From the former president, seasonal reminiscences recalling Christmases past, with tempered nostalgia and beguiling frankness.
Most of the territory is familiar from Carter’s previous memoirs (An Hour Before Daylight, 2001, etc.), but by highlighting the observances of a particular season in places that range from his Georgia hometown to Camp David, Carter infuses them with a fresh sensibility. He begins in the 1930s, when as a young boy he would go out into the woods with his father Earl a few days before Christmas and bring home the perfect red cedar to decorate. As he and his father searched for the tree, they also gathered sedge to make brooms as gifts for family members. Decorations were homemade; gifts were clothes (dreaded) and books (much more welcome); celebrations were rounded off with a fireworks display. Sensitive as usual to the conditions of African-Americans at the time, Carter recalls how his black neighbors celebrated. The local church was the center of their festivities on Christmas Day, the pine tree growing outside was decorated with small presents, and the children had to give recitations before they received their gifts. Family has always been important to the author; even when president, he and Rosalyn managed to get back to Plains for the day itself. As he recalls past Christmases, Carter also briefly sketches the appropriate background: his years at the Naval Academy, his marriage, and his decision to go into politics. He describes Christmases in the Navy (one on a submarine mistakenly reported to have gone down in bad weather near Pearl Harbor), during his terms as governor in the newly decorated mansion in Atlanta, and at the White House. Events in Iran increasingly shadowed the holiday as he worked until the last moments of his presidency to set the hostages free.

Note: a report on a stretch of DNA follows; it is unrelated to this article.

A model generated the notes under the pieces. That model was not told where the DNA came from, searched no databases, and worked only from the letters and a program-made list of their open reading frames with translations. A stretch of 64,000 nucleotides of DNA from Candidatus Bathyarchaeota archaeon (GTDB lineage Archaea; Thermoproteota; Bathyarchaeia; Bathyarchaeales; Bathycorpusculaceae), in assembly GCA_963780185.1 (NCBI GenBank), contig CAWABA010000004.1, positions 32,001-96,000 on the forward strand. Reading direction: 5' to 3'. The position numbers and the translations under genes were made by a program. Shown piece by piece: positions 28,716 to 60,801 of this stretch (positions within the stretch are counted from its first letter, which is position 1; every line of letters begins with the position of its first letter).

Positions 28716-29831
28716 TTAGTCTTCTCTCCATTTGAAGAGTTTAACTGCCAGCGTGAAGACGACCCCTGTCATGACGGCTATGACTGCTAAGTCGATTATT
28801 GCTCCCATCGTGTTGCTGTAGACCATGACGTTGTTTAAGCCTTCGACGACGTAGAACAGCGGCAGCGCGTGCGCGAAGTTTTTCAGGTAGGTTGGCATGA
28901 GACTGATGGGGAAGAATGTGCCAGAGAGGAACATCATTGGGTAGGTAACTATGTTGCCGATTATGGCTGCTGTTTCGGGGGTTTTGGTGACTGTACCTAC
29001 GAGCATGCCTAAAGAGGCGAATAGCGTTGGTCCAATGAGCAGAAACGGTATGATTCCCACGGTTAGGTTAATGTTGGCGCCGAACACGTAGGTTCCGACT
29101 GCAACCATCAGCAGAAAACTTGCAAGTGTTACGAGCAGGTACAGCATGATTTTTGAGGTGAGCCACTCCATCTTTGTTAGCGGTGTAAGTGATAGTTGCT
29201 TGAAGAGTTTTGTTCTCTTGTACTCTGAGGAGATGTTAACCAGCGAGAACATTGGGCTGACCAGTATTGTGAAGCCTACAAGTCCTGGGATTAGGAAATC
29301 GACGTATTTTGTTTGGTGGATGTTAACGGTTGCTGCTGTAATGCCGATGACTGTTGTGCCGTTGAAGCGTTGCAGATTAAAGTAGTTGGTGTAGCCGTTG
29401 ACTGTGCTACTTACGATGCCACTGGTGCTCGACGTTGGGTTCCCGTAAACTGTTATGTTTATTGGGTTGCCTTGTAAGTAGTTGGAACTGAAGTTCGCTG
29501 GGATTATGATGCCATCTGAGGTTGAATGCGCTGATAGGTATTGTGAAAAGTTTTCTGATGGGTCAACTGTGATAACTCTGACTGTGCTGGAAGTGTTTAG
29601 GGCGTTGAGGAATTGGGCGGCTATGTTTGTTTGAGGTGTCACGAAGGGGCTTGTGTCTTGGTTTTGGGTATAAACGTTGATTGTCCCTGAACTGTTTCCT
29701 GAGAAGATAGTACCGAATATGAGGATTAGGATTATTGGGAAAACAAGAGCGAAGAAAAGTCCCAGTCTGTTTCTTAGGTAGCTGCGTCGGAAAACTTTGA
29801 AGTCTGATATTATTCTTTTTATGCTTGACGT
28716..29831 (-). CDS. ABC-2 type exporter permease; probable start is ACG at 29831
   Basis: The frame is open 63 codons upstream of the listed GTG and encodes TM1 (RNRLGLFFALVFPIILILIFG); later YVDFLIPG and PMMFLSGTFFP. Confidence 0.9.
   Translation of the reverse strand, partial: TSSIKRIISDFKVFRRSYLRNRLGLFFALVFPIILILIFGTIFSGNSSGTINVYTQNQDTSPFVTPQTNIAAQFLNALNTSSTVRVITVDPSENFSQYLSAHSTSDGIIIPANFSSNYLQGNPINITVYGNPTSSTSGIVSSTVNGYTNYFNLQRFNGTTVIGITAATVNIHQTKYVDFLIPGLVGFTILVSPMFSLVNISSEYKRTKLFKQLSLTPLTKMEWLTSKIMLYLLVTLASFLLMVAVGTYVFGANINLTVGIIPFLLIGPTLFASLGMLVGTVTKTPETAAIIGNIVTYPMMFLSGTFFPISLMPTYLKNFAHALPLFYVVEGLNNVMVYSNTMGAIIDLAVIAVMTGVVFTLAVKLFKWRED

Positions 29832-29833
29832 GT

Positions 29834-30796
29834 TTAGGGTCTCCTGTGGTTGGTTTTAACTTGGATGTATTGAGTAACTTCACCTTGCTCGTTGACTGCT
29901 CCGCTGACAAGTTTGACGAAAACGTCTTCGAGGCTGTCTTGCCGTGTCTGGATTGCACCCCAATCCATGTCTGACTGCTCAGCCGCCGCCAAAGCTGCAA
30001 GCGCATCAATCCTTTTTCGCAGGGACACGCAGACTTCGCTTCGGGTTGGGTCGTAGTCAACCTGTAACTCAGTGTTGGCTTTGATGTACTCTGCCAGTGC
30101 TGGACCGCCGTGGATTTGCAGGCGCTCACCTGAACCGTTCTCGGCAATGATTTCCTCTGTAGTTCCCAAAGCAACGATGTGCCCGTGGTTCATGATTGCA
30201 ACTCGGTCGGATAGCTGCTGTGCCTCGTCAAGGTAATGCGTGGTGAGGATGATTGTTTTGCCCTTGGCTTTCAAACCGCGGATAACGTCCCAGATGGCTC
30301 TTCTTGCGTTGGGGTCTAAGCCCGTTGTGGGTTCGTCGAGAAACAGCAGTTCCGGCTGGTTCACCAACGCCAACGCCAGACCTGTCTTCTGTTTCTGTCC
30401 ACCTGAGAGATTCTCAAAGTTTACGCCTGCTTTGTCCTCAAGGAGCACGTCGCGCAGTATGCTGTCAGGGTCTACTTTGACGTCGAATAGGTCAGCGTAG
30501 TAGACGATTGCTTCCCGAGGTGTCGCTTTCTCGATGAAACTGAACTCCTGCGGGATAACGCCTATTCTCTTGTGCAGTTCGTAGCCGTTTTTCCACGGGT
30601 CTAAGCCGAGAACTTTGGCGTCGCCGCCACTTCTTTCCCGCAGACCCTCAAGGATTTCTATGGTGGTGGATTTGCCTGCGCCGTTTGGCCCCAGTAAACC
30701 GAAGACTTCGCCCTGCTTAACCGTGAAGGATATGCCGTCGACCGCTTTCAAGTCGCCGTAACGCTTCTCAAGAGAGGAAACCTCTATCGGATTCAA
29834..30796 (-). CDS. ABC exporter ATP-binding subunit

Vintage Carter, with his always-welcome emphasis on family, place, and the way it really was. Perfect for gift-giving.